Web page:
Israelis say goodbye to Amos Oz, 'genius and poet of the generation'

Tel Aviv (dpa) - A long queue wound through the entrance of the Tzavta theatre in Tel Aviv on Monday as Israelis waited their turn for a moment next to the black casket of the late Amos Oz.

As mourners filed by, the casket was gradually adorned by multi-coloured flowers and wreaths.

Many in the crowd were elderly. "For me, he was the last of the giants," a woman named Roni told dpa. He represented "the most beautiful Israel," she said.
Three days after the celebrated author and peace activist died of cancer at the age of 79, members of the public were invited to pay their respects ahead of a special memorial ceremony held at the theatre on Monday morning.
An elderly woman who withheld her name said Oz's voice "was the voice of reason."
"It was comforting to know there was a man like this," she added. Now that he is gone, she remarked, "the world is different."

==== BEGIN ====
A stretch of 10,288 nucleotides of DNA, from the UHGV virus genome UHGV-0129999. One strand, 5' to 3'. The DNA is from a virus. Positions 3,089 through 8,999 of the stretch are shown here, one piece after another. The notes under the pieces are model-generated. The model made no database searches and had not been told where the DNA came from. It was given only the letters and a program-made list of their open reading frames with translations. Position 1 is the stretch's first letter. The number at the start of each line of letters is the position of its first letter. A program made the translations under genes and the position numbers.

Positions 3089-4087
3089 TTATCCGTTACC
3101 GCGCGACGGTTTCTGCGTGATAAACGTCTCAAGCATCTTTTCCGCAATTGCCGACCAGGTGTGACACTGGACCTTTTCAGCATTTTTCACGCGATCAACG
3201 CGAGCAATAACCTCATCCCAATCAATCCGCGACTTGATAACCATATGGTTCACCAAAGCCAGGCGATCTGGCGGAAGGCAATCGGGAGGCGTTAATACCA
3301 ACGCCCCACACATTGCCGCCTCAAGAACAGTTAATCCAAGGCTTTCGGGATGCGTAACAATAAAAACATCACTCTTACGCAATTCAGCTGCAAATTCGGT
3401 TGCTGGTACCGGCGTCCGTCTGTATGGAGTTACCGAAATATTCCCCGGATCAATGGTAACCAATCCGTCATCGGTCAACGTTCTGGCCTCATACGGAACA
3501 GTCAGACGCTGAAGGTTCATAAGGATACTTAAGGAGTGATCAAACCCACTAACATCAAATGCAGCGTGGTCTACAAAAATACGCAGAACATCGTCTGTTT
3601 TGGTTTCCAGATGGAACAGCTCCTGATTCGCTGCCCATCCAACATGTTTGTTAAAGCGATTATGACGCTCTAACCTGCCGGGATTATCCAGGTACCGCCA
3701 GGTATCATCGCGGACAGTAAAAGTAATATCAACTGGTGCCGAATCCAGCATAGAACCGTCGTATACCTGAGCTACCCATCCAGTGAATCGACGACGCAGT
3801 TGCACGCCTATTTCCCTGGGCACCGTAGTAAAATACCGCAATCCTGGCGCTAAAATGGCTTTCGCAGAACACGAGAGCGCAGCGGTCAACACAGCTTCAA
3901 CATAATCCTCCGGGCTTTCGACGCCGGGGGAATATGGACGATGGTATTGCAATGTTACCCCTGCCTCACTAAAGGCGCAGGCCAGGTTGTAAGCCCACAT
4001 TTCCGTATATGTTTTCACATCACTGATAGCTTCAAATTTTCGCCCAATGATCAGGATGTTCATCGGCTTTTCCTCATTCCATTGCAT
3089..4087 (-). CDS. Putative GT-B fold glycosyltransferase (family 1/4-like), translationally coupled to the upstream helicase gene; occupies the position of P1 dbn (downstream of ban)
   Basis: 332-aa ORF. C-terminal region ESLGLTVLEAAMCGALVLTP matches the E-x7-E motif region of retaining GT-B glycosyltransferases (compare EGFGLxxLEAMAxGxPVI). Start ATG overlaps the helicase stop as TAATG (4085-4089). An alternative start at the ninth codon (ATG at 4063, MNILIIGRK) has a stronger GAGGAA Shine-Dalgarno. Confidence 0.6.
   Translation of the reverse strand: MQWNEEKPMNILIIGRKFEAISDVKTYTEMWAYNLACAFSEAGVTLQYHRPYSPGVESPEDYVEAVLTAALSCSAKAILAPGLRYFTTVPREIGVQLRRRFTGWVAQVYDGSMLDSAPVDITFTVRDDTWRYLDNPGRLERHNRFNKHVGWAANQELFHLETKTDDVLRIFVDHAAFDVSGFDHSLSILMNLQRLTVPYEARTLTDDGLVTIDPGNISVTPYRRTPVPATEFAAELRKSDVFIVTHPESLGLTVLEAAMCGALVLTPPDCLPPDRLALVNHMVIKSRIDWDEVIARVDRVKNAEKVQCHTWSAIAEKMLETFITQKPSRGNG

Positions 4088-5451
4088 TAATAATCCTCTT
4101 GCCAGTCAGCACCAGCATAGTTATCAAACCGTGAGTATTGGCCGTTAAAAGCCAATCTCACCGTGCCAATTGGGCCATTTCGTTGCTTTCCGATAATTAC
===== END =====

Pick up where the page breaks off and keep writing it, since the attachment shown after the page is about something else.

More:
Ze'ev Kolman, an author who was born one year before Oz in 1938, said the late luminary inspired him in the way he spoke and the knowledge he imparted.
The sight of flowers being carried into the theatre triggered a wave of emotion in Kolman, who broke down in tears.
"We have lost a special person," he said. "The genius and poet of the generation."
"He left in everybody's heart an important message," Tania, another mourner, said. "He could see the present like nobody else could."
Those sentiments were echoed by Israeli President Reuven Rivlin, who delivered a eulogy at the ceremony.
"Your eyes that always saw so well looked at the world with tenderness and with focus at the same time, with clarity, inquisitiveness and aspiration," Rivlin said. "But your most unique fingerprint, in everything you wrote, everything you said was your ability to look at things deeply from within but also a bit from the side."
Oz's daughter, Fania Oz-Salzberger, said her father could compress the Ten Commandments into one: "Don't hurt." It was a principle that he strived to live by all his life, she said.
Oz's hopes for social justice and for true peace in the Middle East, would live on beyond his death, Oz-Salzberger said.
"The power of words will not die," she said.


Monday, December 31st 2018

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